The Philippine government is developing its first satellite, and its receiving station, to be launched in space in partnership with Japanese institutions Hokkaido University and Tohoku University. These two Japanese universities launched last May 2014 an observation satellite, Rising-2, through an H-2A rocket.
Diwata-1 the first Philippines made satellite is an ambitious project for the government, who in collaboration with the Japanese scientist and engineers from Tohuku and Hokkaido universities have, assembled this indigenous space craft which was tested in the Japanese Aerospace Exploration agency before handing it over to NASA for the launch. Learn even more here for the historic and proud milestone achieved by the scientist for making it happen in reality.
The purpose to launch this satellite was to study weather patterns to aid the agricultural health and pattern, the nation’s preparedness for natural disasters, with the help of wide and middle cameras. The entire mission was undertaken to understand and necessary local expertise in the field of space technology and help boost the natural wonders in eco tourism and adequate data for the farmers to decide on the best crop yielding patterns. The satellite is expected to be in the orbit for around 20 months sending images twice a day for the study purposes. The role of the Japanese scientist is immense in helping the micro satellite to be set up and will have the controls once it orbits in the space.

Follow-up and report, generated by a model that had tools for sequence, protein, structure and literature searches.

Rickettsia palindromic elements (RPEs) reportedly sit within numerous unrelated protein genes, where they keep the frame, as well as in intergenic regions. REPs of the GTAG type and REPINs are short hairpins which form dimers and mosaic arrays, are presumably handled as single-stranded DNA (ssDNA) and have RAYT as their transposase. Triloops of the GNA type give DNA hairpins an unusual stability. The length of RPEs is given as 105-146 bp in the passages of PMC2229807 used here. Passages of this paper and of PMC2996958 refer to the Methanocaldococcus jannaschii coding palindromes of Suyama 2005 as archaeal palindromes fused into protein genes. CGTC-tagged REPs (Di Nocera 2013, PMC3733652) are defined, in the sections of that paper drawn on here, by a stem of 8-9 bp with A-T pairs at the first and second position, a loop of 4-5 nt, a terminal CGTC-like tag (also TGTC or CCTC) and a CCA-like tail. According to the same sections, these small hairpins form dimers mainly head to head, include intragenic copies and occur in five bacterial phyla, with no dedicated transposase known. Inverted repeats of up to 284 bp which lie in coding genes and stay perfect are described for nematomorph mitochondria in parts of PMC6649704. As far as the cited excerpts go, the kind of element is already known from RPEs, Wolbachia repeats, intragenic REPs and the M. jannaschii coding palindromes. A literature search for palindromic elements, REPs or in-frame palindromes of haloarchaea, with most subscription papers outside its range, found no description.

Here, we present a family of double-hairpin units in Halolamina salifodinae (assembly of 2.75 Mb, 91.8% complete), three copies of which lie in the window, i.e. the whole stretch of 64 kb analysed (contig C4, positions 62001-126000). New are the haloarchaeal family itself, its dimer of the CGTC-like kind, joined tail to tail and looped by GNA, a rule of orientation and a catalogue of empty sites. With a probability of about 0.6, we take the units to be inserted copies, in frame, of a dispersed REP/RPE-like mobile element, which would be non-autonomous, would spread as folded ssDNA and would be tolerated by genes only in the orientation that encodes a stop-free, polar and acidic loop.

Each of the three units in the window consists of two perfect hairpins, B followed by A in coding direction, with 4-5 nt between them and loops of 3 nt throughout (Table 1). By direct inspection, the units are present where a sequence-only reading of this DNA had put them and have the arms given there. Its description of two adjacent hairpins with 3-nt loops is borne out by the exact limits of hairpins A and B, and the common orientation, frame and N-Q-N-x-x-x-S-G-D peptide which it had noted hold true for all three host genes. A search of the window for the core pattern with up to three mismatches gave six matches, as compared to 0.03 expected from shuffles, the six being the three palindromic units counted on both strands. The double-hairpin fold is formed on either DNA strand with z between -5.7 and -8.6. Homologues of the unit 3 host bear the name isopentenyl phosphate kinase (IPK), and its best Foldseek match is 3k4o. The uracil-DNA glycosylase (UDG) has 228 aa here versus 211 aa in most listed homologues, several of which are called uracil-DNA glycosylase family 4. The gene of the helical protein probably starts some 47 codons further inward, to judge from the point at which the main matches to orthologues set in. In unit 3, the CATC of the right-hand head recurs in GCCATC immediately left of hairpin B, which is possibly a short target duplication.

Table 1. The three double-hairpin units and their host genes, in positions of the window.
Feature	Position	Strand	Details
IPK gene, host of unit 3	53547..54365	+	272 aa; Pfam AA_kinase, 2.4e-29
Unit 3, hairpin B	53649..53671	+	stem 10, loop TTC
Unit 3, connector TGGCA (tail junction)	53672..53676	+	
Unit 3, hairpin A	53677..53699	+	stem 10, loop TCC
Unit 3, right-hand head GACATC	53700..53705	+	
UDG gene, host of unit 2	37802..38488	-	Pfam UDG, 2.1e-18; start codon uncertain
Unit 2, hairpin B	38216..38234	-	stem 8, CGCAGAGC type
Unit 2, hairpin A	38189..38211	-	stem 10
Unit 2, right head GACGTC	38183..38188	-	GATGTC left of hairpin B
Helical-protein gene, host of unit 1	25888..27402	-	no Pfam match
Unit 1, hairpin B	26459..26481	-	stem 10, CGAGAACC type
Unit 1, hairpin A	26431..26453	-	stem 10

The Philippine Scientific Earth Observation Micro-Satellite program will use PhP840 million with Japanese universities shouldering the PhP515.92 million. The program aims to provide the country with real-time geo-spatial data and enhanced weather-prediction capabilities.
According to Japanese Asahi Daily, the first Philippine-made micro satellite is going to be an updated version of Rising-2. It will be 55 centimeters long, 35 cm wide and 55 cm high, weighing some 50 kilograms with four cameras. PHL-Microsat-1, nicknamed as Diwata, will be launched within 2016 to 2017.
Diwata will be delivered at Japan’s science module named Kibo at the International Space Station, largest artificial body in orbit, with the help of Japan Space Exploration Agency before deploying it to space. Diwata’s receiving station, Philippine Earth Data Resource and Observation (PEDRO), will be based at Subic.
Diwata can also examine the destruction caused on land by typhoons and rainstorms with an accuracy of up to five meters. It can also be useful in agriculture, forest cover monitoring and national security.
PHL-Microsat-2 is also in the pipeline, however, detailed specification and its nickname are yet to be announced.